From Red Anarchism to Green Anarchy
From its Eat the Rich Gang incarnation in the 1970s, Fifth Estate has been an unparalleled source of new ideas. Thinkers like Fredy Perlman, Jacques Ellul, and Jacques Camatte were introduced and moved anti-authoritarian perspectives forward very significantly.
I was happy to be a part of an exciting opening, as many of us pondered the limitations and defeat of the 1960s. Foundational critiques of technology and civilization emerged.
Since those days, the anarchist milieu has slowly incorporated insights that update the goal of anarchy. It is no longer widely accepted that mass production—which is the base of mass society—is a given, a desirable thing. Industrialization, once accepted by nearly all anarchists, has caused the systematic destruction of the natural world, the current environmental crisis, and the end of community.
The Left, including classical anarchism (which certainly considered itself socialist, part of the left), is more and more seen not only as irrelevant, but as part of the problem.
One can say that the Left has failed. But it’s more accurate to point out that it never tried. The Left has embraced every component of this dying world. Not only its ruinous massification, but that which drives the disaster, including domestication (of animals, plants and ourselves) and civilization (every one of which has failed). Underlying these primary institutions is division of labor or specialization, the development of which brings hierarchy, loss of autonomy, and alienation.
The early Karl Marx decried division of labor as antithetical to a liberated society. He later reversed himself, embracing industrial life, which depends upon the division of labor. The anarchists followed suit.
On a basic level, the Left has been the loyal opposition of the dominant order. Anarchism in its traditional orientation has faded away historically in large part because it never broke fundamentally with the mainsprings of unfreedom. How radically interesting or inspiring could it be to call for self-management of oppressive institutions, including the most basic ones.
However, there always seem to be new iterations of the Left. The marxist-leninist sects have faded away, thankfully, but now various reformist groupings are in evidence. The current super-loathesome U.S. government valorizes anything that is anti-Trump among those who fashion themselves as The Resistance.
This is seen in the recent rise of the Democratic Socialists of America that some pose as an alternative, but which remains committed to all the basic institutions of civilization. The giddy, fawning popularity of U.S. Representative Alexandria Ocasio-Cortez, so well known that after only a few months in office she is recognized, FDR-like, by her initials, has liberals and leftists hoping she represents an opening to socialism. But what she and Bernie Sanders advocate was a century ago labeled “sewer socialism,” government reforms that while somewhat helpful, do nothing fundamentally to challenge capitalism or the nation state, let alone civilization.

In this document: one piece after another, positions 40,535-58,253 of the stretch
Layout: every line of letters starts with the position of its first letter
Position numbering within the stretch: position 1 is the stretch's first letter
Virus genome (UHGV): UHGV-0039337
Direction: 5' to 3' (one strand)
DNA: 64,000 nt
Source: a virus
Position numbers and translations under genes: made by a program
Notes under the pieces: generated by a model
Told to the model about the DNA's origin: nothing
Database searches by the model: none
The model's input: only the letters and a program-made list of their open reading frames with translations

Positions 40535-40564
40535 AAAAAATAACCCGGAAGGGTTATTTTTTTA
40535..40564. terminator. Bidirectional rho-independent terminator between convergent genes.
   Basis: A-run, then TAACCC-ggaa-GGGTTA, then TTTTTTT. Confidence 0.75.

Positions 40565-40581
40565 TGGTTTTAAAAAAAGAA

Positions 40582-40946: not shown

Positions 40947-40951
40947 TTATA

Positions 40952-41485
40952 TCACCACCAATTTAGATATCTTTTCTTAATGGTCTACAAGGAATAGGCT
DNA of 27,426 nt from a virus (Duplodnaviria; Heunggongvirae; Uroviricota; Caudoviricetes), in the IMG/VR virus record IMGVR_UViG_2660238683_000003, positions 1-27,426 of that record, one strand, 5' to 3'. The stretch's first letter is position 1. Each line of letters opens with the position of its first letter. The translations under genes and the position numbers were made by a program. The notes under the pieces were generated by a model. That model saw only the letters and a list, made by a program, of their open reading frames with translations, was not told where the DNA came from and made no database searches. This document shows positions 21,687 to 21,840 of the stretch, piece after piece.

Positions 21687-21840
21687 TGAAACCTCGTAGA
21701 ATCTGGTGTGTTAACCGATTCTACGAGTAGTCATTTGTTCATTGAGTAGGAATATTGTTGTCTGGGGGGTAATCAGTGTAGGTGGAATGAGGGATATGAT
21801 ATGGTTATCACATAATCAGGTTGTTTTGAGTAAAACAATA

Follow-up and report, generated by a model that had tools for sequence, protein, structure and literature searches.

But anarchists have been slow to move away from the Left; inertia is an apparently persistent obstacle. It’s fair to say that “post-Left” has become a common identification among anarchists; yet the term is rather flabby or vague. In a “post” almost everything (postmodern, etc.) culture, few are anti-Left, which would mean something, and which is the necessary basis for liberatory politics.
Decidedly fewer anarchy types explicitly identify with or defend the Left, especially among youth. And, fewer defend civilization. “Anti-civ” is a common component of ideas, like “post-Left.” It is ascendant in part because the global totality seems to be self-destructing, as has every civilization heretofore. There is a crisis at every level, in every sphere, whose roots are much deeper than capitalism.
But “anti-civ,” like “post-Left,” can be flabby or vague. Partly because these are dark, unexciting times, energy and imagination are somewhat wanting for all of us. Currents like egoism and nihilism, not surprisingly, are to be seen in anti-authoritarian circles—and elsewhere. Mainly aspects of retreat in an epoch of defeat.
Anti-civilization approaches—as seen in such publications as Species Traitor, Green Anarchy, Black & Green Review, and now, Wild Resistance, have aimed at theory and practice that explicitly, in-depth oppose civilization. They aim at de-domestication and rewilding, and explore insights toward decolonization, for example. There is a deep respect for the land and for the indigenous dimension.
The way forward is one that explicitly breaks with the Left, including classical anarchism.
John Zerzan writes frequently for the Fifth Estate.